Student loans are often essential funding for a higher education. With the increase in college tuition cost, student loans can be quite formidable. Even with some financial aid and scholarship, I still had to borrow $29,025 total in student loans for my college tuition and expenses between the years 2002-2006: $17,125 from the Federal Direct Stafford loan at variable interest rate, interest free while at school with a 6 month grace period after graduation; $10,300 from the school at fixed 5% interest, interest free while at school with a 9 month grace period after graduation; $1,600 from a commercial bank at 7% interest immediately accruing even during time in school.
My family was poor and I had no other source of income or assets to pay for college, so I needed loans to cover whatever amount not paid for by scholarship and grants. At the time of college application, I mostly applied to highly ranked schools near where I lived, with a few “safety” schools. Among the schools to which I was accepted, I chose the one that had the best reputation, without consideration of the cost. I was also accepted to my state school, which offered me a financial package at the time that would have given me a free ride, i.e. no need to take out any loans; I chose not to attend it, however, because reputation seemed more important. I felt I was more likely to succeed by attending a higher ranked school with a better reputation, and that the money can be made later. On retrospect, I probably could have attended my state school, avoided the loans, and still done just as fine.
So by choosing to attend the school I chose, I had to borrow a cumulative $29,025 over my four years of college, as stated above. After enrolling in college, I did not immediately seek work on campus, because I wanted to see I could handle my academic work, which was by far my main priority. My considerations were that one of my grants I needed required me to maintain a GPA of 3 (equivalent to a B average), and that the high school I attended was not the best high school for college bounds to say the least (it had a graduation rate around 60%, with only 33% attending college, and was widely considered the worst high school in the state). After first semester, in which I got all As and A-pluses for a 4.0 perfect GPA, it became apparent that I could do some part time work on campus without suffering academically. I immediately sought a job on campus, applied and got one in the science library working about 10 hours per week for $7 per week. By sophomore year, the rate went up to $7.25/hr, and I was able to pay off the $1600 loan from the commercial bank, which annoyed me by having a relatively high interest rate of 7% that was accruing while at school. I was able to pay off this loan, because I essentially saved every penny from my earnings, and spent nothing for nonessential things.
By the time I graduated, I had $27,425 total in student loans. I went on to medical school on a full Army scholarship, by signing a HPSP contract that requires me to serve 4 years after residency as an Army physician. The student loans were deferred for another 4 years while I was in medical school, interest free. In addition to full scholarship, the Army also paid me a $1200 monthly stipend while in medical school, and increased it every year. I was an aggressive saver and spent money only on essentials: food, rent, basic clothing, and transportation. By seeking the lowest versions of the essentials, I was able to save quite a bit from the monthly stipend. By the time I finished medical school, I almost had enough to pay off all my student loans.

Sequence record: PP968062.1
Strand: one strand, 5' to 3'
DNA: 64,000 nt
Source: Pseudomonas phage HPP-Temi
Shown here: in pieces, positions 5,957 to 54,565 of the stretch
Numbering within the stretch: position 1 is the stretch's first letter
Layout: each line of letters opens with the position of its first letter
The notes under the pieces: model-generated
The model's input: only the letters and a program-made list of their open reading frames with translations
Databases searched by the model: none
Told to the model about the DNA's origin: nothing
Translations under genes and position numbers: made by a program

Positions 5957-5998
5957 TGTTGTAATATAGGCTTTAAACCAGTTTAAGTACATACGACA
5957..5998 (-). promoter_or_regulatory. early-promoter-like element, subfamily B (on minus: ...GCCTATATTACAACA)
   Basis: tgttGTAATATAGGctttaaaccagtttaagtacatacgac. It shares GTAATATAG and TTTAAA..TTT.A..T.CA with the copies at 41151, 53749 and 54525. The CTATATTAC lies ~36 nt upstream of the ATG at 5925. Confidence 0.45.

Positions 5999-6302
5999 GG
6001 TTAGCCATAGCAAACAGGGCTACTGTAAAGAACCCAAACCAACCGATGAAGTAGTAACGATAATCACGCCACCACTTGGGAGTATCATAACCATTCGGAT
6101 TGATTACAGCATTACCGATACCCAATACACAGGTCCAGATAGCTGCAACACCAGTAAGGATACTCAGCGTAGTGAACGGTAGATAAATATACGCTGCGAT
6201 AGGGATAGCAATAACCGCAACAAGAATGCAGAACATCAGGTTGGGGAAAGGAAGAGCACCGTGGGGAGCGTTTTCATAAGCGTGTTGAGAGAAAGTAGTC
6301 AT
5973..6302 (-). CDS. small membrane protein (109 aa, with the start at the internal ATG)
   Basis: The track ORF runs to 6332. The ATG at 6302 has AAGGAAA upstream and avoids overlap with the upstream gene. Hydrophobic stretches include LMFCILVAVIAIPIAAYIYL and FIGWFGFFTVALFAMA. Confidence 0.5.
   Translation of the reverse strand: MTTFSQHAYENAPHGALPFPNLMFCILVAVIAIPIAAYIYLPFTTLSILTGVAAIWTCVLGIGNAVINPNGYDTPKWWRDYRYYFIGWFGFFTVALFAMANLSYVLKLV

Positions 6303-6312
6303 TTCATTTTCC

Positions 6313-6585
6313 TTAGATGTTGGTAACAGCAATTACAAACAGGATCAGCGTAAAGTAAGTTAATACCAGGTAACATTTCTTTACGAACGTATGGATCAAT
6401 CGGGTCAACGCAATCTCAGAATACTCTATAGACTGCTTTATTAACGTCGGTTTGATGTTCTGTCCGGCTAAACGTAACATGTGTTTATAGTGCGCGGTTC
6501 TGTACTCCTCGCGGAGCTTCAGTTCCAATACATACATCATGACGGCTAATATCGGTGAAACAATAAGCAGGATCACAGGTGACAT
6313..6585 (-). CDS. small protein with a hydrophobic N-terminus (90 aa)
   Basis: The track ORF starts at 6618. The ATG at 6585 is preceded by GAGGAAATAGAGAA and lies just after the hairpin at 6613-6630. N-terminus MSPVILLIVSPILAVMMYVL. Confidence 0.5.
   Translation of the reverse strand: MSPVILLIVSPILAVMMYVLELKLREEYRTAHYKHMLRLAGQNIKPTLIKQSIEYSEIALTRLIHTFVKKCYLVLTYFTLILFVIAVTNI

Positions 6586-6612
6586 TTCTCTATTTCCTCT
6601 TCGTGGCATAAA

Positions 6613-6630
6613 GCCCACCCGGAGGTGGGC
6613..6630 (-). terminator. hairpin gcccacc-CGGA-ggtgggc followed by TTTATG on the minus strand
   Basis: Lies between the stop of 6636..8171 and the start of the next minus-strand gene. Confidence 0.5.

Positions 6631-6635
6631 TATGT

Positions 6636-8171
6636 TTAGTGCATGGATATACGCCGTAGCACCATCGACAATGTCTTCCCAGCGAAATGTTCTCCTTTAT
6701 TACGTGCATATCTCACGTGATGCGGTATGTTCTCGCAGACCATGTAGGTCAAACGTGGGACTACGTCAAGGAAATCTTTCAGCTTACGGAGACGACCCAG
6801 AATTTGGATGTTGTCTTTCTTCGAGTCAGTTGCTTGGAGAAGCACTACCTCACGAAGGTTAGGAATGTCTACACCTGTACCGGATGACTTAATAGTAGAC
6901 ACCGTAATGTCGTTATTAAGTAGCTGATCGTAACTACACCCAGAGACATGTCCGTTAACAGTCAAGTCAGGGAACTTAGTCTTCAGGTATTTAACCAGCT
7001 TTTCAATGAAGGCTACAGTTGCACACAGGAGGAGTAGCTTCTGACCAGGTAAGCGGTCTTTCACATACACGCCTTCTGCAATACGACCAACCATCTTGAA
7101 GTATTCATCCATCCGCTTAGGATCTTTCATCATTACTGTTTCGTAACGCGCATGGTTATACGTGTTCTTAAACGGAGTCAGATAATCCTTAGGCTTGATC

I waited, however, till the grace period was about to be over, because of the time value of money. I decided to pay off in full the $10,300 from the school at fixed 5% interest, because it assures me a 5% return on my money by paying it off. Although 5% annual return is not much, a bird in hand is worth two in the bush. As for the $17,125 Federal Direct Stafford loan at variable interest rate, which was only 1.725% for 2010-2011, I decided to pay it off by enrolling in the standard repayment program, which means a monthly deduction of $161.21 for ten years, a total of 120 payments. I decided that this was a more sensible plan than paying off the full balance at full, because 1.725% APY is just too low to pass, for even risk free US government bonds offer significantly better returns. Even the average rate of inflation at 3% per year is significantly higher. It seemed reasonable that the money should be invested instead. When the federal government decides to raise the interest rate on my Federal Direct Stafford loan significantly (which they will give notice well in advance), I will pay it off in full.
I am now in residency at an Army hospital, and was able to pay off my loans for several key reasons: the initial amount was not too great, the interest rate was relatively low, I found good paying jobs, and, most importantly, I was an avid saver. In the end, I feel the loan was worth it because it allowed me to attend a good medical school and become a physician, although I probably could have arrived at where I am by taking significantly less loan, or even none at all.